In John Hedley’s paper Learning from Intelligence Failures, the concept of the rational actor once again arises in my research.  Hedley concludes that the mistake of analysts and decision makers to rely on a rational actor contributed to the intelligence failures of the Cold War. 

In September 19, 1962 a prominent intelligence analyst within the IC, Sherman Kent, predicted that it was unlikely for the Soviets to send nuclear missiles across the Atlantic and into Cuba.  Shortly a month after, based on Imagery Intelligence (IMINT), he was without a doubt proven wrong.  How could someone of such highly regarded analytical skills be so wrong in his prediction?  Sherman Kent and his colleagues had predicted Nikita Khrushchev to be a rational actor.  Through Kent’s perspective, it would be irrational for the Soviets to do such an act.  Therefore this led Kent to predict the only rational move for Khrushchev was to maintain the missiles in Russia.  The problem with this perception is that the human mind can be very unpredictable.  Kent and his colleagues further obscured the predicament by viewing it solely from an American perspective.8 As previously discussed in Matthew Aid’s paper, viewing issues from an American perspective tends to be an underlying issue within analysts and decision makers.

In the early 1980s, the IC conducted a study of twelve events that at a minimum resulted in unfavorable outcomes for the United States.  This study covered the significant events that occurred from the roughly previous twenty years.  The study identified that the single most point of failure within the community was the practice of “risk aversion”.  Analysts had the proclivity to establish and maintain the consensus of thought and did very little in terms of challenging the status quo.  Once established, any new information that came available was marginalized in order to “play it safe”.  This also led to a single path of thinking; therefore any challenging analysis fell off the wayside.8 This is detrimental to the process of analysis and prediction because it allows for only one outcome.  A primary purpose for conducting predictions is to forecast multiple outcomes in order for analysts to determine the variables and to inform the decision makers on the presented options.

In the essay Hanoi’s Strategic Surprise, 1964-1965, Mark Moyar claims how bias and perception led the US intelligence analysts to underestimate the Viet Cong (VC).  Moyar summarizes a US intelligence document stating, “... Both Hanoi and Peiping are almost certainly anxious not to become involved in the kind of war in which the great weight of superior US weaponry might be brought to bear against them, and they almost certainly feel – under present circumstances at least – that they will not have to initiate actions carrying great risk of such US response in order to win the day in time.”9 With this kind of perception of the VC within the US intelligence community, it is no wonder how their judgment led to errors.  This perception was most likely shared amongst the policy makers back in Washington.  History has shown that Americans have repeatedly underestimated their enemies, especially when the adversaries were seen as inferior and unintelligent people.  However, when actually engaged on the battle field, the Native Americans, the Japanese, the Vietnamese, and Iraqis, just to name a few have all proven to be anything but an “easy victory”.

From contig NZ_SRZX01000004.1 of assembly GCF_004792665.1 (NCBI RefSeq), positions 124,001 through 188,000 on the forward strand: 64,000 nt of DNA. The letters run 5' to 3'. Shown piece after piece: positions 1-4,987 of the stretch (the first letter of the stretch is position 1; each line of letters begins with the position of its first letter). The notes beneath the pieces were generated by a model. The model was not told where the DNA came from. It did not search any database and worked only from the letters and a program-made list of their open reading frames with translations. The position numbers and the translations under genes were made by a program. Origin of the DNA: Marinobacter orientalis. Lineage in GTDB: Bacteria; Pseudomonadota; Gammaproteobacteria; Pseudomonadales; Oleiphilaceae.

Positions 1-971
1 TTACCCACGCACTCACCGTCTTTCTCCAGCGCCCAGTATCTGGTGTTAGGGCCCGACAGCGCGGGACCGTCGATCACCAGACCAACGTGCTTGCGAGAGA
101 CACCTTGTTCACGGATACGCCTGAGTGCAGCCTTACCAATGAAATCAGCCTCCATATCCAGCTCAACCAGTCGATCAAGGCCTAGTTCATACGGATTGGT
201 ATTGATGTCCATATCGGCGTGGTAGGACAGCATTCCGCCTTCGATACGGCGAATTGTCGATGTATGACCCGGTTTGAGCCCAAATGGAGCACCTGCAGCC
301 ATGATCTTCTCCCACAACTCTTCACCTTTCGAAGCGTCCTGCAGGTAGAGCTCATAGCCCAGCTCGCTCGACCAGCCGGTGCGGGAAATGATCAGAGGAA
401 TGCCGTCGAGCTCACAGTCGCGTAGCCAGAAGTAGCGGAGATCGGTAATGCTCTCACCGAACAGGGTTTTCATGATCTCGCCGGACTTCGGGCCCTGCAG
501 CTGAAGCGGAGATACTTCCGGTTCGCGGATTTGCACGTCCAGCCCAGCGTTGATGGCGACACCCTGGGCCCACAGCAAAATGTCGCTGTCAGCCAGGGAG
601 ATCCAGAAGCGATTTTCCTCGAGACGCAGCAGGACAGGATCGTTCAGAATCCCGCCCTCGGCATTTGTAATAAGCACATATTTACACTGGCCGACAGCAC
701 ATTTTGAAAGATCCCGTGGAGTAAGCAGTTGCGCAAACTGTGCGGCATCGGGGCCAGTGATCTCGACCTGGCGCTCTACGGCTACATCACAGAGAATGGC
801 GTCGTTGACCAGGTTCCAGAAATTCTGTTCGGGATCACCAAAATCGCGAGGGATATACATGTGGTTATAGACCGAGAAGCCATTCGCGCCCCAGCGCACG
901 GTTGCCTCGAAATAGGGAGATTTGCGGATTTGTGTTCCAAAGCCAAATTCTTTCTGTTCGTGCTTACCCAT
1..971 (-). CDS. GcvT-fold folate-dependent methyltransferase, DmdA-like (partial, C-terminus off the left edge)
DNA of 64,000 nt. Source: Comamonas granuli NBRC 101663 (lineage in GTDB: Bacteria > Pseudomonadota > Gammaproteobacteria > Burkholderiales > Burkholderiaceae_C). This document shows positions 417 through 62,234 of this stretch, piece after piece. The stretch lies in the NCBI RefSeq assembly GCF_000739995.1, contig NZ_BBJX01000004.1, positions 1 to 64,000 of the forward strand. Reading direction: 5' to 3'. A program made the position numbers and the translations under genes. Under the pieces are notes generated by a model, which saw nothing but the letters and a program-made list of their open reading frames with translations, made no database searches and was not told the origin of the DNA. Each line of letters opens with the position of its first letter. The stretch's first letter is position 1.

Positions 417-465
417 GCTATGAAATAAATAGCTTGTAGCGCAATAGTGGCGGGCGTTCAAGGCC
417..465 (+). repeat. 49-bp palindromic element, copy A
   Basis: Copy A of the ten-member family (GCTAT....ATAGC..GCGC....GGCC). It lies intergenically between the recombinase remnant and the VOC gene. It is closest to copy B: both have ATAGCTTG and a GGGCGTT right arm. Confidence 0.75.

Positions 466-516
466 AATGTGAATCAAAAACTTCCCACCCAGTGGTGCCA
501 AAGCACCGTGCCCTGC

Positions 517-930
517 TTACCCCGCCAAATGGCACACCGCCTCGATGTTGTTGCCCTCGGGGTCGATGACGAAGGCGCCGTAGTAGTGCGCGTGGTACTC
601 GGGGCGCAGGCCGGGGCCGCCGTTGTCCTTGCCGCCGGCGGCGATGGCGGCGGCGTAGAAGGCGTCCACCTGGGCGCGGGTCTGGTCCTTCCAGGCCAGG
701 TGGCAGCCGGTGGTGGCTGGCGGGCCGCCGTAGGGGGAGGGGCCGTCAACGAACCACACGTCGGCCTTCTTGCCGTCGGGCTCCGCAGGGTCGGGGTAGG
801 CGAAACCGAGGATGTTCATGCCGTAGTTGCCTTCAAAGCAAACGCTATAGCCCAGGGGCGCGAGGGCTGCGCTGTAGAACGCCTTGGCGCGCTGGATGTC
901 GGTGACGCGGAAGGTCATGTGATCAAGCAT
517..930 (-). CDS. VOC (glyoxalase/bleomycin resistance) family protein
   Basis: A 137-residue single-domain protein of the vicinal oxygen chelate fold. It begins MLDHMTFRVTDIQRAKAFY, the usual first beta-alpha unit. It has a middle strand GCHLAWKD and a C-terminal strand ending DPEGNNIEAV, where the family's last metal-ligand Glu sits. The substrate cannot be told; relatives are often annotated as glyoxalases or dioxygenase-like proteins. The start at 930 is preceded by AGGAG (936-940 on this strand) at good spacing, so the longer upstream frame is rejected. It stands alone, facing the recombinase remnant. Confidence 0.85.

It could be argued that the interaction between the policymakers and intelligence community during the Cold War was a foreshadowing of how the events would unfold regarding Iraq WMDs in 2002 to 2003.  The policymakers of the Cold War put such political pressure on the intelligence analysts that eventually they succumbed.  Instead of creating policy based off intelligence, the men in Washington made the intelligence fit their policies; in other words “politicized intelligence”.  Politicians, not all, are unfortunately known for creating the façade of doing things for the “good of the people” when in reality, they shape policies that promote their self-interests.  In the essay Vietnam: Lessons for Intelligence in Wartime, Nancy Bird states, “[e]ven if strategic intelligence analysts are successfully able to formulate honest, objective wartime assessments, they are inevitably up against a wall of strong opinions by policymakers who have political considerations beyond the scope of intelligence bureaucrats.”10 Unfortunately, in situations such as this even the best analysts with the best intentions cannot get beyond the political “road block” emplaced by the self-serving politicians.  In the case of the Cold War, good and unbiased analysis never truly came to fruition due to the fostering of an environment that suppressed countering views imposed by the politicians.

In a book called Introduction to Political Psychology, the “image theory” is applicable in explaining the decisions made by policy makers during the Cold War.  Image theory according to M.L. Cottam, et al. is “a political psychological approach that draws connections between policymakers’ image of other countries and their resulting behavior.”11 What this means is that policymakers tend to base their actions and policies depending on the characteristics of a certain country. 

In the case of the Soviet Union, US policymakers categorized them in the image of the “enemy”.  This means that the US viewed them as being culturally equal but also a military threat.  The authors state the following regarding the enemy, “Some of the emotions associated with the enemy would include anger, frustration, envy, jealousy, fear, distrust, and possibly grudging respect.  An enemy’s successes are considered unfair, and when bad things happen and goals are not met, the enemy is blamed.”11 The emotions towards the enemy previously mentioned inevitably affected our policymakers and intelligence analysts’ bias and perception towards the Soviet Union.